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Opinion: What are the risks of using volunteers to deliver medicines?


Opinion: What are the risks of using volunteers to deliver medicines?

Changes to the NHS terms of service designed to protect vulnerable patients during the Covid-19 outbreak have raised concerns among community pharmacists regarding their legal and ethical responsibilities where volunteers are used, says solicitor Noel Wardle.

In essence, the change requires pharmacists to investigate how prescribed medicines can be delivered to a vulnerable patient’s home. That might be via a friend, relative or carer, or, where those options are not available, through the NHS Volunteer Responders programme.

This has prompted concerns where volunteers engaged through the NHS Volunteer Responders programme are used.

For example, if a volunteer makes a mistake (such as delivering medicines to the wrong patient), breaches patient confidentiality (by opening dispensing bags, for example), or steals medicines, will the pharmacy owner be legally and/or professionally accountable? 

The pharmacist, or pharmacy owner, has a non-delegable duty of care towards their patients. If a delivery person makes a mistake when delivering a medicine then the pharmacy owner would ordinarily be accountable for that mistake, both in terms of any financial compensation for injury and in respect of an investigation into whether the pharmacy owner’s conduct fell below the GPhC Standards.

The starting point, therefore, remains that pharmacists continue to be responsible for the supply of medicines to their patients until the medicine is handed over to the patient on their doorstep. It is expected that pharmacists will take suitable and sufficient measures to ensure that patients receive their medicines safely.

Unusual circumstances

However, what is “suitable and sufficient” will, of course, depend on the particular circumstances that apply at the time that the medicines are being delivered.

At the moment we are in a very unusual set of circumstances, and actions that might not, in ordinary times, be considered reasonable, may be justifiable at the moment: if the choice is between the patient not getting their medicines at all, or getting them through an NHS Volunteer, the latter would probably be the more reasonable course of action.

If a reasonable course of action is to use an NHS Volunteer, what risks does this create for the pharmacist or pharmacy owner?  After all, you would usually expect a pharmacy owner who is delivering medicines to patients to use either a reputable delivery company or to use trained delivery drivers.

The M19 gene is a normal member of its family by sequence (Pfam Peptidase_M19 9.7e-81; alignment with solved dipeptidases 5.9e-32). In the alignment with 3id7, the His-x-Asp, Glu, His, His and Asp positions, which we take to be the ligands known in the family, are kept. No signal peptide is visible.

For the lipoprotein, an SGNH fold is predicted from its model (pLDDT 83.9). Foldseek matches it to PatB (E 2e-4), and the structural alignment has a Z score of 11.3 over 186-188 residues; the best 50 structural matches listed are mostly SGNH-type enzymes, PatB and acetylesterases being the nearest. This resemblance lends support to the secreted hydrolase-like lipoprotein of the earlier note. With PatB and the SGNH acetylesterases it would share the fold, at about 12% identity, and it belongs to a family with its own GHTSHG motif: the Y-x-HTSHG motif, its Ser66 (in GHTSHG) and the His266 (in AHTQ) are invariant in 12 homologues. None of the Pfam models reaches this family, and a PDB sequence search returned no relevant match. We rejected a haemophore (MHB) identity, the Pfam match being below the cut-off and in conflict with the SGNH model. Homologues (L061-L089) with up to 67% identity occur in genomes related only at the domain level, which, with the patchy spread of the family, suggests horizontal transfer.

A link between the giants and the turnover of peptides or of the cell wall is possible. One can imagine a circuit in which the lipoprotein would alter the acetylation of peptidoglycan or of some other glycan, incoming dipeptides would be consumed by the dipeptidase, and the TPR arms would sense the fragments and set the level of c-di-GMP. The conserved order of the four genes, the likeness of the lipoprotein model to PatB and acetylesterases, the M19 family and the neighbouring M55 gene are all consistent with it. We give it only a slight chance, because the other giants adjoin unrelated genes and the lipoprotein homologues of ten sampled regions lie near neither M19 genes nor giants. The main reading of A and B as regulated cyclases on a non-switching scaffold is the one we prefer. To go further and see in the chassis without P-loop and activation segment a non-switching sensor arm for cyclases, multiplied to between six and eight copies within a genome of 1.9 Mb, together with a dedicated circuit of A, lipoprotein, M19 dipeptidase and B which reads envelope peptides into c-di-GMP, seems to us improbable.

Those drivers would go through the usual employee checks, would receive training on their roles, would act under SOPs and would have their performance monitored and assessed.

The pharmacy would maintain an audit trail of deliveries, and would investigate any discrepancies.  If repeated errors occurred, you would expect the pharmacy owner to identify these and take appropriate remedial action.

This ongoing duty of care raises concerns that pharmacists who use volunteer delivery drivers may be opening themselves up to risks should something go wrong – it might be felt that a volunteer who is delivering medicines may not exercise the same degree of care and skill as an appropriately trained delivery driver, with a consequent increase in the risk of something going wrong, for which the pharmacist could ultimately be held accountable.

Off the hook?

The GPhC has sought to allay those fears by issuing a joint statement with the RPS. The joint statement provides that pharmacists would not be responsible for the actions of NHS Volunteers.  

Does this statement get pharmacists off the hook if a volunteer makes a mistake? Not quite, unfortunately.

The joint statement uses terms which have a subjective element and, consequently, leave open the possibility that pharmacists would still remain responsible for errors by volunteers. 

For example, it refers to volunteers being used “in good faith”.  Pharmacists must “act in accordance with the standards” and must use volunteers “in line with the service specification”.

Ultimately it would be for a court (in respect of any negligence claim) or a fitness to practise committee (in respect of any GPhC concern) to decide whether a pharmacist or pharmacy owner acted reasonably in engaging a volunteer, and whether any steps could reasonably have been taken to reduce the risk of the error occurring. 

Whilst the joint statement therefore gives some comfort, pharmacists would be well-advised to consider carefully the use of volunteers. 

When using volunteers, pharmacists should assess the risks of doing so, and consider what training and level of oversight is reasonable to reduce the risk of issues arising. That assessment should be documented in case it needs to be referred to in the future. 

At the very least, for example, it would seem appropriate for volunteers to be required to read the pharmacy’s delivery SOP and to sign the SOP to confirm that they have read and understood it.  

It is important to emphasise that it is better for patients to get their medicines through a volunteer than not at all, and pharmacists should not worry unduly about using volunteers to deliver medicines for them.

However, it is worth giving some thought to how this will work for the individual pharmacy, assess the risks and mitigate those as far as possible.

Noel Wardle is a partner at Charles Russell Speechlys specialising in pharmacy law.
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